Despite its impressive growth in recent years, the EV lithium-ion battery (LIB) industry still has some catching up to do to reach the levels of maturity of consumer battery manufacturing and the mainstream automotive industry.
There are many varieties of materials and electrochemical couples available in the present lithium-ion battery market. Many manufacturers are designing battery cells specific to the required applications in terms of voltage, state of charge use, lifetime needs, and safety. The selection of specific electrochemical couples also determines the power and energy ratios, as well as the available energy supply.
The largest component in a battery is the cells. The cells used in EVs can take a variety of different forms like prismatic, cylindrical, and pouch cells. They also have different chemistries including lithium-iron phosphate, lithium NCM, and lithium titanate.
To determine its most appropriate form and chemistry composition, a clear understanding of its application, the drive cycle of the vehicle, and power inputs will be required. Most research on LIBs are focused on diverse active electrode materials and suitable electrolytes for high cutoff voltage applications. These are some of the latest innovations in LIB manufacturing processes that are worth mentioning.
The performance of electrodes is determined by the mixing uniformity. The modification based on the current hydrodynamic shear mixing (HSM) system is at present the most economical improvement of mixing efficiency and uniformity.
The use of ball milling and ultrasonic mixing can significantly increase the mixing uniformity for dry powder mixing and high-concentration slurry. The cost and reliability of large-scale mixing need to be evaluated before they can be industrialized. Besides the mixing method, the mixing sequence is also an important aspect of particle distribution.
Two key processes in electrode fabrication are coating and drying. Using an organic solvent in the slurry may help increase the drying time and recovery cost significantly. However, modifying the current drying method would not directly resolve the challenges faced.
Solvent-free manufacturing emerges as an effective method to skip the drying process and avoid the organic solvent. This technology helps to form a continuous self-supporting electrode film, which is then laminated onto the current collector and becomes the final electrode.
Another benefit of solvent-free manufacturing is the potential of making thick electrodes, which are challenging for the traditional slurry cast method due to the structure distortion after the solvent evaporation.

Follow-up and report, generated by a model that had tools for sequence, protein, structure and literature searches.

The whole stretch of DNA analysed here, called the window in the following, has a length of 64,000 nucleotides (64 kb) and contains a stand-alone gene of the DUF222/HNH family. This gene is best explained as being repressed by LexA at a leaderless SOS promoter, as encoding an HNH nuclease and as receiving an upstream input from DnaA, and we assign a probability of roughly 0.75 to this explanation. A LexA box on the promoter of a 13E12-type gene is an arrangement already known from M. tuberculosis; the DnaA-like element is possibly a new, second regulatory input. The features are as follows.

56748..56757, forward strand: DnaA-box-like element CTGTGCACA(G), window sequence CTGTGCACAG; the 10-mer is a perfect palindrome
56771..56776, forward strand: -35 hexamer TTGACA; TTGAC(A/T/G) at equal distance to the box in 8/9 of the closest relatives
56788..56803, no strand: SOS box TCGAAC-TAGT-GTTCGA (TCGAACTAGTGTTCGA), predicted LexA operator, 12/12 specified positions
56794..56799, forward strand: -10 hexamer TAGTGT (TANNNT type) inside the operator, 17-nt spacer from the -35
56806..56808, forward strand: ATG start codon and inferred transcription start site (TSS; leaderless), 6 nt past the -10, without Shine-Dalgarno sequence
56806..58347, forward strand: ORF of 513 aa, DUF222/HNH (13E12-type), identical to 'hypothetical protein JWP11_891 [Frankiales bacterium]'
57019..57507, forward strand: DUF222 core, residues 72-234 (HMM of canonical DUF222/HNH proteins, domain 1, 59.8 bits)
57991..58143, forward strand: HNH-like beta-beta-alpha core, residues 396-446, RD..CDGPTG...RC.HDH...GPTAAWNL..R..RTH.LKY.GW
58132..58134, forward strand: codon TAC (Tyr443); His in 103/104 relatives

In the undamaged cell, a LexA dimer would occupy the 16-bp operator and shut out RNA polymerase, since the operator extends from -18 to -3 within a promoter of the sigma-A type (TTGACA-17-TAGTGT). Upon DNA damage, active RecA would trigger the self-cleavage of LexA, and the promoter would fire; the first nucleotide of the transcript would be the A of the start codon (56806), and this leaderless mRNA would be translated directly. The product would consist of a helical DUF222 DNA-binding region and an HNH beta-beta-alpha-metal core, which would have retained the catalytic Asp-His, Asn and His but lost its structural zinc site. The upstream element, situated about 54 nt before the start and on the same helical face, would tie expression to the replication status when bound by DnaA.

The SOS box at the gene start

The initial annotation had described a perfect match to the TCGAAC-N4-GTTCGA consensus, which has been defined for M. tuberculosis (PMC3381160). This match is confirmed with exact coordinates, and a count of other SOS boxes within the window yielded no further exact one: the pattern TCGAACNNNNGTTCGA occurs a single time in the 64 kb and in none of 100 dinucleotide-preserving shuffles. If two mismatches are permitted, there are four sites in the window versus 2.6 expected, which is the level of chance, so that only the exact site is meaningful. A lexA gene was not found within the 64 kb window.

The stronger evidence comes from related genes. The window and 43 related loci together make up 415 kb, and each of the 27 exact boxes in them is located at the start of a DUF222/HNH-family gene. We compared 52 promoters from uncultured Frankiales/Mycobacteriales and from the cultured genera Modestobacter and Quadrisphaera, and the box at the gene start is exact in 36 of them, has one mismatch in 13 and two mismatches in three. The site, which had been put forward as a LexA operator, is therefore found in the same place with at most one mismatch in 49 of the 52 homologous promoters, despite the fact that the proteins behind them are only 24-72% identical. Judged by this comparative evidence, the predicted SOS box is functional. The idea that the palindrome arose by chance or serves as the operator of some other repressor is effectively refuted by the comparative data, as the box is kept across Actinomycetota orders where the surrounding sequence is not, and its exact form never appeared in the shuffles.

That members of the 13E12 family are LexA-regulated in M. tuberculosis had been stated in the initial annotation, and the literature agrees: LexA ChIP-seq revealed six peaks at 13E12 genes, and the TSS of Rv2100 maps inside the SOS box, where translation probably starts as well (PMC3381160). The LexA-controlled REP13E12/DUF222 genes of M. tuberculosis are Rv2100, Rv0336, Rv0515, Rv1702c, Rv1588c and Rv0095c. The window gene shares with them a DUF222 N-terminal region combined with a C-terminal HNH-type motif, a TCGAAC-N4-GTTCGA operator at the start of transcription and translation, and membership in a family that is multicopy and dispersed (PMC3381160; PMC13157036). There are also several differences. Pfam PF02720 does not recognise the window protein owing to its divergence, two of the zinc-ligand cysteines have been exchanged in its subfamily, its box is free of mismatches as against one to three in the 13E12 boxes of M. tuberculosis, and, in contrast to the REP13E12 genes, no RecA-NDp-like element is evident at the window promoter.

The vacuum drying process generates intense energy and is time consuming. The present drying method usually places the electrodes under a low-pressure environment of 60 degrees Celsius to 150 degrees Celsius and is heated for more than 12 hours. Using an inert gas supply is also an option to add to the process. However, the lower moisture level may not always lead to better electrochemistry and mechanical properties.
Recently, a fast argon-purging post-drying method at room temperature is being more widely utilized. Results show that the electrode treated with quick argon-purging showed the highest capacity for rate and cycling tests. This shows that the argon-purging method has a strong potential to replace vacuum-drying, especially with its high throughput and low energy consumption benefits.
The optimization of electrode manufacturing processes is a complex subject. It involves robust characterization of the slurry components, either in isolation or in combination with various complementary analytical techniques.
The particle size and size distribution must be balanced, as it brings together various aspects like precursor yield, electrochemical performance, solids loading, and slurry stability. All these factors will influence the overall performance of the battery.
It is also important that the synthesized material has the right chemical (elemental) composition to maintain consistent product quality, stability, and product safety. There are several widely used analytical tools used for battery characterization during the manufacturing process:
These analytical tools will provide users with the relevant materials information and lay the foundation for optimizing the properties of the slurry ingredients. These tools also help to meet the objective of achieving the desired electrochemical performance and high electrode manufacturing efficiency.
There are still some ways to go before the lithium-ion battery is accepted by the masses and becomes the market standard. LIB technology still needs to resolve certain aspects of safety and attain the necessary consistent performance.
At the consumer end, cost reduction for mass-scale adoption in applications like EV is still a faraway goal. However, the technology continues to show improved results through new research ideas and innovations in the development of new battery materials, increased production efficiency, and lower production costs.
Reach out to us for more updates on the EV battery market and its applications in markets your business operates in.
Alan Boey has been in the X-ray analytical instrument business for the past 14 years, servicing various industries from minerals and mining, metal manufacturing to electronics and semiconductor businesses. Alan is now engaged with DKSH as a regional product manager for Southeast Asia, specializing in X-ray analytical instruments and providing solutions to fulfill market requirements in material analysis with X-ray diffraction techniques as well as elemental determination via X-ray fluorescence methods.